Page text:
But that didn’t happen.
When a reporter asked if Timberlake would support his almost-3-year-old son, Silas, if he wanted to play in the NFL someday, the “Can’t Stop The Feeling!” singer answered: “He will never play football.”
The performer hemmed-and-hawed a moment before adding: “It’s kinda like that thing where my main objective is that he become a great person and if he wants to get into the arts or sports, yeah, I mean, I would fully support that.”
Timberlake didn’t explain why his son wouldn’t play football.
The NFL and others in the sport have been struggling with the long-term effects of repeated collisions. Just last week, lawmakers in New York and Illinois proposed banning kids under 12 from participating in tackle football. A 2017 Boston University study asserted that children who took up tackle football early developed more intellectual and behavioral problems later on.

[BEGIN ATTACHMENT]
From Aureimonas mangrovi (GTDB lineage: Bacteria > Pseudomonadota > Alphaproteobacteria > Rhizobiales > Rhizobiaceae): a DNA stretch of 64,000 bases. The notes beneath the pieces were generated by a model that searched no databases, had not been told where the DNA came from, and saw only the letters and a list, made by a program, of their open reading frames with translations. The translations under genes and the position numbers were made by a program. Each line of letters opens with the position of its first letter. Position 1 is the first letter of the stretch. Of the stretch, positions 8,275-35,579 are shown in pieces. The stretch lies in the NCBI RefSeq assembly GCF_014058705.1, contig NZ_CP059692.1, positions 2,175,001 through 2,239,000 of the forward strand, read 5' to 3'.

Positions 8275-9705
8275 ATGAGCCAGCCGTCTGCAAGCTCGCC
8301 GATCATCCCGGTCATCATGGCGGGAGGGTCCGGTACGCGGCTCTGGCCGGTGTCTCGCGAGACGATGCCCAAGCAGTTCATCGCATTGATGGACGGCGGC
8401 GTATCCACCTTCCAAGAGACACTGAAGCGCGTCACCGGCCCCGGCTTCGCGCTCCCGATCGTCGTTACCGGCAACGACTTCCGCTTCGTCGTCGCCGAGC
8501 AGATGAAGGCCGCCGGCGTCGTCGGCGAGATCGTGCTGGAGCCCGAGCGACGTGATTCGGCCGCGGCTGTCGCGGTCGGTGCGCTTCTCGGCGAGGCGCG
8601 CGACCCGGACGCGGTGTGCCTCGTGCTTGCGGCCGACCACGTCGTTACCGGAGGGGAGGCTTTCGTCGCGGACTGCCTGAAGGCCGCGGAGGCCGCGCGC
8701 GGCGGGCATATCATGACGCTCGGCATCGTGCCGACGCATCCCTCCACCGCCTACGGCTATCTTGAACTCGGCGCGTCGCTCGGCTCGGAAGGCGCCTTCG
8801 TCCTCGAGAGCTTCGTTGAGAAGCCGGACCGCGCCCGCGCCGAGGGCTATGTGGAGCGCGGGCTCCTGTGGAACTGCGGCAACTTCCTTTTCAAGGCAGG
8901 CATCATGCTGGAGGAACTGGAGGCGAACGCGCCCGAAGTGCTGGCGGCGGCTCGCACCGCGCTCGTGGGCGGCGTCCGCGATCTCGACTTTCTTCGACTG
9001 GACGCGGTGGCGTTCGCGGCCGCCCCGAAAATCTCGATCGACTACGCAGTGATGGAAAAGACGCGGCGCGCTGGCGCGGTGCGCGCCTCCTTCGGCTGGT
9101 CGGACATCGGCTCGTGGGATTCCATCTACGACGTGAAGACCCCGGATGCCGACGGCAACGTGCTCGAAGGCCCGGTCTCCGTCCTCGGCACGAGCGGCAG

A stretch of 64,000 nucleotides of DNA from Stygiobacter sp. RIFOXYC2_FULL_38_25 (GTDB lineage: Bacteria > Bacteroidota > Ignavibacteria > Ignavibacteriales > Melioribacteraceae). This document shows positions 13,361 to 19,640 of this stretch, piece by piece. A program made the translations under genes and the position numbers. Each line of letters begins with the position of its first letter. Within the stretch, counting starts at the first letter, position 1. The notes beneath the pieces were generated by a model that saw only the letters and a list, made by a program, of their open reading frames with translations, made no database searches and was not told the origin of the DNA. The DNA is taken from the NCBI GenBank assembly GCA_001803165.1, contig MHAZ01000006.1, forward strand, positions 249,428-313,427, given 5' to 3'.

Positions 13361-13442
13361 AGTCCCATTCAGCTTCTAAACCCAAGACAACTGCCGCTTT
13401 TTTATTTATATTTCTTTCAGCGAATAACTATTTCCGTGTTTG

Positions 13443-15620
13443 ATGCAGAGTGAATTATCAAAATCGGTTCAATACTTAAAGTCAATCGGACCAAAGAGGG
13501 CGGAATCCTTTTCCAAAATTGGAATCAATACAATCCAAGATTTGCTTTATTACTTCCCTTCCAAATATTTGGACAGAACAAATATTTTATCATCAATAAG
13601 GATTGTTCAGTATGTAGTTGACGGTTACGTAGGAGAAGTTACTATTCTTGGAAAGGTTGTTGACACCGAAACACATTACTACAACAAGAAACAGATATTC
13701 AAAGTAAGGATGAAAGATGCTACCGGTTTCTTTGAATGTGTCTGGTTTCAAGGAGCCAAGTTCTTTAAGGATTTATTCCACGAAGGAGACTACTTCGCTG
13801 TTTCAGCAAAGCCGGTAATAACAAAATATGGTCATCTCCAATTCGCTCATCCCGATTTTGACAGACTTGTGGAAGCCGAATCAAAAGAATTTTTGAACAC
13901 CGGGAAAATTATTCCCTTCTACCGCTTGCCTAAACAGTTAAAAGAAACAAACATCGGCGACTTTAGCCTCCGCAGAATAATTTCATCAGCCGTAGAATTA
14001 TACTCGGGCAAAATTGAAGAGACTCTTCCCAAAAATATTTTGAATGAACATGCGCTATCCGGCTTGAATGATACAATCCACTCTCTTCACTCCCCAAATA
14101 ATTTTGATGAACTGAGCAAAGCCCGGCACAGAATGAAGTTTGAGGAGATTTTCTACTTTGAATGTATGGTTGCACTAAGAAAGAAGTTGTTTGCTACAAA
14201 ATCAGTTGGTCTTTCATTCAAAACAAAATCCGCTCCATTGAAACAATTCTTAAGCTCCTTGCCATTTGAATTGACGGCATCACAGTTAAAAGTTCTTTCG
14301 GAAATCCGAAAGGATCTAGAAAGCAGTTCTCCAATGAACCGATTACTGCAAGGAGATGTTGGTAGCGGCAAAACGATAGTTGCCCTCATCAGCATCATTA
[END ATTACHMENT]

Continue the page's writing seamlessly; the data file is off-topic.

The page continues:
And of course, there’s the elephant in the room in the game’s most elite ranks ― the alarming rate of NFL players who develop severe brain disease. Nearly 100 percent of deceased players examined in a 2017 study were found to have chronic traumatic encephalopathy, a degenerative brain disease caused by repeated blows to the head.